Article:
J. William Fulbright, a Senator representing Arkansas from 1945 to 1975, said, “We must dare to think ‘unthinkable’ thoughts. We must learn to explore all the options and possibilities that confront us in a complex and rapidly changing world.”
At the bridge table, the more “unthinkable” thoughts you have and analyze, the more likely you are to succeed. In this deal, South is in six spades. West leads the club ace. After ruffing in the dummy, how should declarer continue?
When South opened with a vulnerable pre-empt, North wondered about a grand slam. But not knowing how to find out if his partner had the diamond king or a diamond singleton, he took the practical shot at six spades.
South begins with 11 top tricks: seven spades, one heart, one diamond and two club ruffs in the dummy. The hunt is on for a 12th winner.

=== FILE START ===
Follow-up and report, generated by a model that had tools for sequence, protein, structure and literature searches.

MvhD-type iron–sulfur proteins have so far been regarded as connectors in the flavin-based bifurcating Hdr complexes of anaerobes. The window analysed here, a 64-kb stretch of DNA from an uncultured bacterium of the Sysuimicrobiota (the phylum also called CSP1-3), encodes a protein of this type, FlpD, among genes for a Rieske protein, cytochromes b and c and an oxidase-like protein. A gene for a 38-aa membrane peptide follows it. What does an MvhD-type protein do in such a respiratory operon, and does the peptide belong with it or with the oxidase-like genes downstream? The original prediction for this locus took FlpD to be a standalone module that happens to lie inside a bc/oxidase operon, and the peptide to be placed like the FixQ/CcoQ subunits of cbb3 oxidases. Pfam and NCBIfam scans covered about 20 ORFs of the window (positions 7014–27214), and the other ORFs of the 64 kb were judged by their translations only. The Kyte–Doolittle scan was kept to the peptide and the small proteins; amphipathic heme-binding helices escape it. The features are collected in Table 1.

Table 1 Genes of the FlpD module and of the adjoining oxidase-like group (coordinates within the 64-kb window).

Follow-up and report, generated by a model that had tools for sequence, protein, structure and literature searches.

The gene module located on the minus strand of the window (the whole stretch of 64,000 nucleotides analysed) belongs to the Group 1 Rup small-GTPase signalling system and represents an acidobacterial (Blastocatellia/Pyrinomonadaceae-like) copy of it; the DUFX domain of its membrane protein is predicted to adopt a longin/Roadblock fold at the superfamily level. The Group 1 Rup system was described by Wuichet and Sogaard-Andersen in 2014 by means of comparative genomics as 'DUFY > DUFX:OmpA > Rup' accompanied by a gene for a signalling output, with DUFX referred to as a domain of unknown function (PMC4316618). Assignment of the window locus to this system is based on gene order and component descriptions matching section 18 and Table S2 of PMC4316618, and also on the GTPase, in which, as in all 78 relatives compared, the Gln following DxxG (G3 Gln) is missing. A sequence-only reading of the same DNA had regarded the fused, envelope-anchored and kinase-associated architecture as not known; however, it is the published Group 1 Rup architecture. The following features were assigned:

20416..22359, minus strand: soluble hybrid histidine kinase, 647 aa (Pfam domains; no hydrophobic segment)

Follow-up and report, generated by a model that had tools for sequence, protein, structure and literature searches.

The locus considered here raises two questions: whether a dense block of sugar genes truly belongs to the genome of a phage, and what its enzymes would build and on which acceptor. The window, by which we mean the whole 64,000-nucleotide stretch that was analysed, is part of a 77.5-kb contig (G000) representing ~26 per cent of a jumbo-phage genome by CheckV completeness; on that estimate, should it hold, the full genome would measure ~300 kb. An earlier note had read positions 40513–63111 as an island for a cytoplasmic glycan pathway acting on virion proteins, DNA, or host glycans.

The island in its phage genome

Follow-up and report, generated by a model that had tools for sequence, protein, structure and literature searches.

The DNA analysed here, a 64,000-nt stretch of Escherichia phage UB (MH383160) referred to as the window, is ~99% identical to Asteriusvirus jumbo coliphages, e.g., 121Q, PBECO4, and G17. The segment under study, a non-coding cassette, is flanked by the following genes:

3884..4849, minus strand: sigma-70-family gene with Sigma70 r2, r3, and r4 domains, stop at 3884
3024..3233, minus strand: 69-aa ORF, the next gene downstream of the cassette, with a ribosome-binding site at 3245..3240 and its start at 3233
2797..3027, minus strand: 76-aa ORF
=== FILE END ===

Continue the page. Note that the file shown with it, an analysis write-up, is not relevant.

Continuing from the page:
South should play a trump to his hand and ruff his last club on the board. But what then?
One possibility is also to eliminate the hearts, then to hope for luck in diamonds. But that should not work here.
In fact, the contract is guaranteed. After the club ruff, a spade to the king and the second club ruff, declarer should return to his hand with a spade and run the heart 10. Here it loses to East’s queen, but what can East do? Whatever he returns concedes a trick. And even if West could cover the heart 10 with the queen or king, South would win with dummy’s ace, then run the heart jack, discarding a diamond from his hand (unless, of course, East covered with the other heart honor).
Consider as many possibilities as possible.